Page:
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Jul 22, 2004 (United Press International via COMTEX) -- ATHLETIC INJURIES CAN BE AVOIDED

No athletes, including those in Greece at the Summer Olympics, are immune to tendonitis, ankle sprains, low back problems and concussions. However, while injuries are common to both professional and amateur athletes, they often can be prevented with proper conditioning, according to Dr. Jo Hannafin of the U.S. Olympic Committee medical staff and of the Hospital for Special Surgery. She advises to avoid the "too much, too soon" injury trap, by starting workouts gently and by stretching. Athletes should stay hydrated, replace running shoes every 250 to 500 miles -- even if they are not worn out -- warm up and perform strengthening exercises several times per week for the legs, arms and trunk.


Wake Forest University Baptist Medical Center researchers suggest measuring the stiffness of arteries as a way to screen for arteriosclerosis. "Fifty percent of men and 64 percent of women who die suddenly of coronary heart disease had no previous symptoms of the disease," says cardiologist Dr. David M. Herrington. The study, published in the journal Circulation, shows measurements taken with a blood pressure-like test, and confirmed with magnetic resonance imaging were "strongly predictive of the extent of aortic arteriosclerosis." The device measured blood volume in the leg as a way to gauge artery stiffness.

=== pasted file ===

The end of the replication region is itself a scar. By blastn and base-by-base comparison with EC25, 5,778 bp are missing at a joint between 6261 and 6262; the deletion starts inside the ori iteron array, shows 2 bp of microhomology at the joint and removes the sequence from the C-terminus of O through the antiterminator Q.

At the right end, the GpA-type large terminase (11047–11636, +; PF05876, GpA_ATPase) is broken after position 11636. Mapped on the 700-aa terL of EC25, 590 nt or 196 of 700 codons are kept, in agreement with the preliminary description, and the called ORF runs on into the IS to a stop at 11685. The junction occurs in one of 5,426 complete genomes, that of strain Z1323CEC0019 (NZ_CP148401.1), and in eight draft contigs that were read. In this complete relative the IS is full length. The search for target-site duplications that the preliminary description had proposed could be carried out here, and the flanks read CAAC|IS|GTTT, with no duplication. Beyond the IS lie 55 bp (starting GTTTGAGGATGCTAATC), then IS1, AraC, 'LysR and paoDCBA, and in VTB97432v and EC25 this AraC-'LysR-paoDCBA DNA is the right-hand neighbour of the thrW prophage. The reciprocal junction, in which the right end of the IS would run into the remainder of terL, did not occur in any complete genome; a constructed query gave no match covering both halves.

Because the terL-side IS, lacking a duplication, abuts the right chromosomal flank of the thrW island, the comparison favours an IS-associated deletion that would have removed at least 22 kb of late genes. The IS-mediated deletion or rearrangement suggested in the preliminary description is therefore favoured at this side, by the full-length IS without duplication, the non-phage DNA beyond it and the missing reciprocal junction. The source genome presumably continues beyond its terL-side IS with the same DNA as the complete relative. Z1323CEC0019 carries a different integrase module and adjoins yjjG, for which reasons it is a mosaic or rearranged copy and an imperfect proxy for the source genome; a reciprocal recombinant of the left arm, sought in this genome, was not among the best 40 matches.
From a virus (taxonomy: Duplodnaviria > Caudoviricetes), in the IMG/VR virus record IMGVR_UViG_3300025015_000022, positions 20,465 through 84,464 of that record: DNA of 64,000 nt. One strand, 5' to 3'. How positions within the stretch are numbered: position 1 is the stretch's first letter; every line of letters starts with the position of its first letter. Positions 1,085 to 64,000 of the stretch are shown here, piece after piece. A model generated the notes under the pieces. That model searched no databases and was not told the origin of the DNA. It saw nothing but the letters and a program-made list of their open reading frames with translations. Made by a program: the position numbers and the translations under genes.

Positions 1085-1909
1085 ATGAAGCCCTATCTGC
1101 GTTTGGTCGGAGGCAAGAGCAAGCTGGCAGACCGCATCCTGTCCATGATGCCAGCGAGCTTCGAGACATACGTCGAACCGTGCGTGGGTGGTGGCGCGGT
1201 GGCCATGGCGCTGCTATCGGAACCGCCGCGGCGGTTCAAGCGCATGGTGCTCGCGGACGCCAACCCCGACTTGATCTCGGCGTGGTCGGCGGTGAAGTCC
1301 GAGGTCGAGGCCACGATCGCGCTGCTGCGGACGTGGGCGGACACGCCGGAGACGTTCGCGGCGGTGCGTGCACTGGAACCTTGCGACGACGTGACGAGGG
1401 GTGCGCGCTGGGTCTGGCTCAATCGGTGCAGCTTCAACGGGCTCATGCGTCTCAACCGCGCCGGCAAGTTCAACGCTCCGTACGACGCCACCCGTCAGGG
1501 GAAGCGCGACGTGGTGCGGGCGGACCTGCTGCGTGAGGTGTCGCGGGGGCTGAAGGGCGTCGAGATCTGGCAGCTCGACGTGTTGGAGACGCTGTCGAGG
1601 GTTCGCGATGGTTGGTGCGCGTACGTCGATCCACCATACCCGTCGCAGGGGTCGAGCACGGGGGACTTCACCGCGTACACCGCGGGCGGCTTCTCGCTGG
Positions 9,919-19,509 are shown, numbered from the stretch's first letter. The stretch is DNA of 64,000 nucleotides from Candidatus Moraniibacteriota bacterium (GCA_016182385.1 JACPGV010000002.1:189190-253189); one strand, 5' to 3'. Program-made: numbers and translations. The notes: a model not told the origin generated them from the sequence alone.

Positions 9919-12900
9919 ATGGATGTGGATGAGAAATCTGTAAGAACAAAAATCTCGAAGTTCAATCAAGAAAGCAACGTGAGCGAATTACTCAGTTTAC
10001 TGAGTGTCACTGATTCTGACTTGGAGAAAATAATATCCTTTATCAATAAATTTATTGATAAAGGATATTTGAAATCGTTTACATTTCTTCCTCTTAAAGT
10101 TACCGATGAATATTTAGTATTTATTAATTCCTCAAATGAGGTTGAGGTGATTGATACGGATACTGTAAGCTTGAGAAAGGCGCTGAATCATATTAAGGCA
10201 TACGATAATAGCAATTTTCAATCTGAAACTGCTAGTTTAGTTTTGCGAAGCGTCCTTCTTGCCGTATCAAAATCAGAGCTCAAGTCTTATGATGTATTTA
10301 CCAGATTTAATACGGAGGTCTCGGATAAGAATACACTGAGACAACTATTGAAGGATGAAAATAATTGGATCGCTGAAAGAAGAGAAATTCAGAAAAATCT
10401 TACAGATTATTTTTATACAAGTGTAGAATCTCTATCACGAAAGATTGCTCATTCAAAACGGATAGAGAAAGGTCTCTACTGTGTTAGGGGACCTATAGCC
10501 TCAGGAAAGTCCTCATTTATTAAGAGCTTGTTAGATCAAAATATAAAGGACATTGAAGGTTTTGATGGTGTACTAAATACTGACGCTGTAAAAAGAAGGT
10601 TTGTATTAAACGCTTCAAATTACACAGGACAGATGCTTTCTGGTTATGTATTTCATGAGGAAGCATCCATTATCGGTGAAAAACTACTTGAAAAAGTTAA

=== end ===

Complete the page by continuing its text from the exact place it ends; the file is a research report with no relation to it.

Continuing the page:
University of Southern California researchers find people with low education have an increased dementia risk. Margaret Gatz finds less education is a risk factor for all groups, including identical twins who begin life with very similar genetic predispositions to intellectual achievement. The findings, presented to the 9th International Conference on Alzheimer's Disease and Related Disorders show genes do not account for the relationship between education and increased dementia risk. The researchers conclude the link between education and increased dementia risk may represent the effects of life-long differences in brain health and mental stimulation -- factors that represent possible ways to intervene earlier to reduce the changes of Alzheimer's disease.


Children with Attention-Deficit/Hyperactivity Disorder have a strong probability of becoming adults with the condition, say Philadelphia researchers. Dr. David Baron, head of psychiatry at Temple University, says about 60 percent to 70 percent of children with ADHD become adults with ADHD. "For these adults, the symptoms change but the condition continues," Baron says. The challenges of this condition -- distraction, impulsiveness, restlessness and negative self-perception -- have a significant impact on everyday tasks. It's estimated that 8 million U.S. adults are undiagnosed with ADHD, but they can be treated with medication and behavior modification.


(EDITORS: For more information, on INJURIES, contact Chris Godek at (212) 606-1197. For SCREEN, Karen Richardson at (336) 716-4453 or For DEMENTIA, Alzheimer's Association at (312) 335-4078 or For ADHD, Vivica Aycox at (215) 707-7790 or

Copyright 2004 by United Press International.

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